Reflecting on Interview with the Vampire (Book): Passivity Is Death

I’m sort of done writing reviews. Writing impression, journaling or reflective posts might be the politically correct term for this type of blog.

When it comes to reading, there’s no way I can ever read all the classics that I have set myself out to apart from discovering new stories from modern day authors. Reading is meditative and truly addicting. I feel as if I have to be immortal to experience the many lives ebbed into a meaningful story which people packaged them into a book and sell them off for profit. Strange concept if you were to ask me, but a writer has to make a living somehow. As a reader, I could play the god and judge the world for myself whenever I open a book. That’s what modernization turned human civilization into, a passive observer. As the bible goes: “For in much wisdom is much vexation, and he who increases knowledge increases sorrow (Revised Standard Version, 1:18).” Am I doom to be melancholic?

Reading as a pastime is a double edge sword. For one, reading offers an escape but at the same time causes fatigue eyes, and limping body. You see, there is a thing called the clock in which governs our lives. Called it Mother Nature’s clock. We are forced to sleep against our own will and forced to do mundane things to sustain life such as working, eating, cleaning etc. And we can only wish we had more days to live so we can experience life fully to feed our godly curiosity until there’s nothing else to uncover the mystery of our existence. Reading the Interview with the Vampire, by Anne Rice, made me think do I really want to be immortal? Vampiric immortality is far from living but more like a damnation. Louis, the protagonist is doomed to search the “truth” which he may never find: the origin of his kind. Do they exist just to kill? Are they truly the devil’s servants?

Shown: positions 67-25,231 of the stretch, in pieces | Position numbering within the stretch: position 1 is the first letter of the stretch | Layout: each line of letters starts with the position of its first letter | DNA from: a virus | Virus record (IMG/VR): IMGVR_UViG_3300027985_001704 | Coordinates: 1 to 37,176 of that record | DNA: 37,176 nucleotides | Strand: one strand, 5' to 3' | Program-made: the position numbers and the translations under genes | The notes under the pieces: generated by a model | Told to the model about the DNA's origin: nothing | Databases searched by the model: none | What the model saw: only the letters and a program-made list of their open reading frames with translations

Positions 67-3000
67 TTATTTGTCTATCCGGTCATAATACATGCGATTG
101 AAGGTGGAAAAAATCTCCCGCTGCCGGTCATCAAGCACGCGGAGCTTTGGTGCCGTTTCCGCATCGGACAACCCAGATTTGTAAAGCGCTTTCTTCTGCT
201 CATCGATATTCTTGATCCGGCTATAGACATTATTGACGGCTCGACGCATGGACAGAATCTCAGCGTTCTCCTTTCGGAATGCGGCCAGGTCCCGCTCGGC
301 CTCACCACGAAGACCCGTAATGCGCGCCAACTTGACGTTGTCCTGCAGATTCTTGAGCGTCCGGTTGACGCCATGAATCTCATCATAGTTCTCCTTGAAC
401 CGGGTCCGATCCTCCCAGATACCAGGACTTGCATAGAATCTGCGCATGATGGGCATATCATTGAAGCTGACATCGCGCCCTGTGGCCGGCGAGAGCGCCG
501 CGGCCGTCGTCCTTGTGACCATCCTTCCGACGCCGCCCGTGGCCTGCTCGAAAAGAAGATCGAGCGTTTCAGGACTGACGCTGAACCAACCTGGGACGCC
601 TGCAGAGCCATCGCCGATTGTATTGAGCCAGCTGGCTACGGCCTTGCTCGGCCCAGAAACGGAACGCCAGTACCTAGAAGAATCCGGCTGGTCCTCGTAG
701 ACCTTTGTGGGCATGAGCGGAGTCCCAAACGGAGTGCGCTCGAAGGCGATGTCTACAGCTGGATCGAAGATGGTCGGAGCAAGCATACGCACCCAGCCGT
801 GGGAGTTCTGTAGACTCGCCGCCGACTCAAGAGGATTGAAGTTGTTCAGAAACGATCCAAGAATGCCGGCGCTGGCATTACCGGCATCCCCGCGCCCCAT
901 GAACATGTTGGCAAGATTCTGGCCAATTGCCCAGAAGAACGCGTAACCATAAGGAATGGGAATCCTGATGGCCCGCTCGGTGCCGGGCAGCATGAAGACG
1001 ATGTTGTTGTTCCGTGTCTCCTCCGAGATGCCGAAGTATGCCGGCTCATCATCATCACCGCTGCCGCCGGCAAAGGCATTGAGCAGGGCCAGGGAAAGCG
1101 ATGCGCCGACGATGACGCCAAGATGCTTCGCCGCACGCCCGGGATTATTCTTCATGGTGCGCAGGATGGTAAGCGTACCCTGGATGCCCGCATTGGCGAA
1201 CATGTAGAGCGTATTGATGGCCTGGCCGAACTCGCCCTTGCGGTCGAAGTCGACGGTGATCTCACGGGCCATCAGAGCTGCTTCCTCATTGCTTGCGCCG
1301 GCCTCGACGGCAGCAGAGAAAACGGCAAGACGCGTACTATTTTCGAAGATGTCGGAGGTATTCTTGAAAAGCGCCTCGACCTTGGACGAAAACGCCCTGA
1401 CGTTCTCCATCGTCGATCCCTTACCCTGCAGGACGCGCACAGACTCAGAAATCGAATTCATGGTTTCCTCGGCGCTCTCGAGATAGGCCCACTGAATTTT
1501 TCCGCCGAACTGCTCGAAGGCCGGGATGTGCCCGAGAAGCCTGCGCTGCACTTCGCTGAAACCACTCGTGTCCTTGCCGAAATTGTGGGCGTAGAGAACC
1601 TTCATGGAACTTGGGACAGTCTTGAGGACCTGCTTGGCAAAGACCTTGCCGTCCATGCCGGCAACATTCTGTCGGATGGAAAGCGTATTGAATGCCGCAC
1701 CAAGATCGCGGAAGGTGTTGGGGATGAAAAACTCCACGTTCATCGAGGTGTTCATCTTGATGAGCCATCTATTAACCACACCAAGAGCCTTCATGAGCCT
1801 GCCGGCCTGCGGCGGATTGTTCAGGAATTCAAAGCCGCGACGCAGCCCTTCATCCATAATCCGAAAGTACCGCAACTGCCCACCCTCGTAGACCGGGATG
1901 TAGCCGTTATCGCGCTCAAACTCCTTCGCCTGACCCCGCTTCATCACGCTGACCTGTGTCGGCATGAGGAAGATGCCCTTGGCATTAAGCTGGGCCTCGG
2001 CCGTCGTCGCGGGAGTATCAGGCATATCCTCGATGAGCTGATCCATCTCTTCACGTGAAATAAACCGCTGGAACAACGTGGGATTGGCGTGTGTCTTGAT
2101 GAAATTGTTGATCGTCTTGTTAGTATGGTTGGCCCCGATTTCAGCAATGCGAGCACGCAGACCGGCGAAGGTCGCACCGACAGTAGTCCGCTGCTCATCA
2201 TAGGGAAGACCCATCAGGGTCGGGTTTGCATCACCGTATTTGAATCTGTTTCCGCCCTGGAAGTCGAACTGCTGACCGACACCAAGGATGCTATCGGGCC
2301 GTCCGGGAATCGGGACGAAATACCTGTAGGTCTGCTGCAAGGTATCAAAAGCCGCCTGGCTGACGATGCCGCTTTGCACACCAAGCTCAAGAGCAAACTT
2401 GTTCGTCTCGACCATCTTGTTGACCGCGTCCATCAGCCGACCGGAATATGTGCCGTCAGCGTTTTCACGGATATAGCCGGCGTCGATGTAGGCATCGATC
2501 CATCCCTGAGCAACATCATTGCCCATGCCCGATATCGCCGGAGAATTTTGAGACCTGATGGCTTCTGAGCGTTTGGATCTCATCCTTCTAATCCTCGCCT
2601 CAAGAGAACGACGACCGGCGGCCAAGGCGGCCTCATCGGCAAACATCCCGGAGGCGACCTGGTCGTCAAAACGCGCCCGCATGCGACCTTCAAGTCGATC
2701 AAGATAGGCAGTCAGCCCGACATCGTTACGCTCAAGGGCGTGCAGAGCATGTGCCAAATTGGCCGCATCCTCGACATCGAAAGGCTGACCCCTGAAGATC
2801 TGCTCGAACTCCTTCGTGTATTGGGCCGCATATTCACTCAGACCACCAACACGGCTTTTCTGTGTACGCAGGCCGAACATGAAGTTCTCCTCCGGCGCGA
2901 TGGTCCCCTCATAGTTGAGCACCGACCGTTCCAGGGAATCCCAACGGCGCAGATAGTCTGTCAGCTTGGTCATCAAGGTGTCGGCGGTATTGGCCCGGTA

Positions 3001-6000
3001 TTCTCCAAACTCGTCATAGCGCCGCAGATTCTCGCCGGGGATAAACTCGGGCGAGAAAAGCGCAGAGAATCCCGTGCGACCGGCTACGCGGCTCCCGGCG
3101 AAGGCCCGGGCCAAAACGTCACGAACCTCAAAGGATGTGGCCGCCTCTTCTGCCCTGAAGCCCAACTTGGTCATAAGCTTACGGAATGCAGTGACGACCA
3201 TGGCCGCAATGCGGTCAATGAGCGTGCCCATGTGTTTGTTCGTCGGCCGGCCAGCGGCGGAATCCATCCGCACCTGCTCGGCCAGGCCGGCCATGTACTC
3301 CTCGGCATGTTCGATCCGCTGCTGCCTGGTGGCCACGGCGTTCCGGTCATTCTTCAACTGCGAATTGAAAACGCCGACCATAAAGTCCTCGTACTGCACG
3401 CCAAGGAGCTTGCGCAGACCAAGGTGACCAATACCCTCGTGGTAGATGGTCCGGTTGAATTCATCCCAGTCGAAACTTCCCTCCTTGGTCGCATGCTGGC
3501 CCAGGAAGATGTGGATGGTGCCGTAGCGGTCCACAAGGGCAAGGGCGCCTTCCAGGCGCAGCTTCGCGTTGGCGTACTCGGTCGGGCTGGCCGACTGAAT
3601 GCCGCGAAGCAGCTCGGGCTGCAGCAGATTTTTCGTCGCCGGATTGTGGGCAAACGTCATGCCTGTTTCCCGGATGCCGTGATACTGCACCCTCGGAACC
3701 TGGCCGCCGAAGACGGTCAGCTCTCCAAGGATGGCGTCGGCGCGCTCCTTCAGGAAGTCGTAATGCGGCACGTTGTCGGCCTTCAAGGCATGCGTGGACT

Since I am pressing for time, I won’t go into details about this book. I will just mention briefly that this book argues passivity is the real death. Just watching things slip from your hands when you could have done something about it make you the murderer of time. Things don’t have to stand still. Get up and make some action. That’s the lesson I got from the book.

Finally, I will leave you folks with my favorite quote from the book:

I went though mortal life like a blind man groping from solid object to solid object. It was only when I became a vampire that I respected for the first time all of life.

Through Louis, we see one sad truth about the nature of vampires: they are eternally dead. Therefore, it’s hard not to see life as a gift even if it’s for a brief moment.

P. S

Thank you Nairdalex for reccomending this book!

2 comments

  1. You’re welcome Halsdoll. I’m glad you enjoyed the read. 🙂 It definitely left me pondering the cost of life through new sight. Hopefully it was worth the price of fatigue eyes and limping body. Lol

    Liked by 1 person

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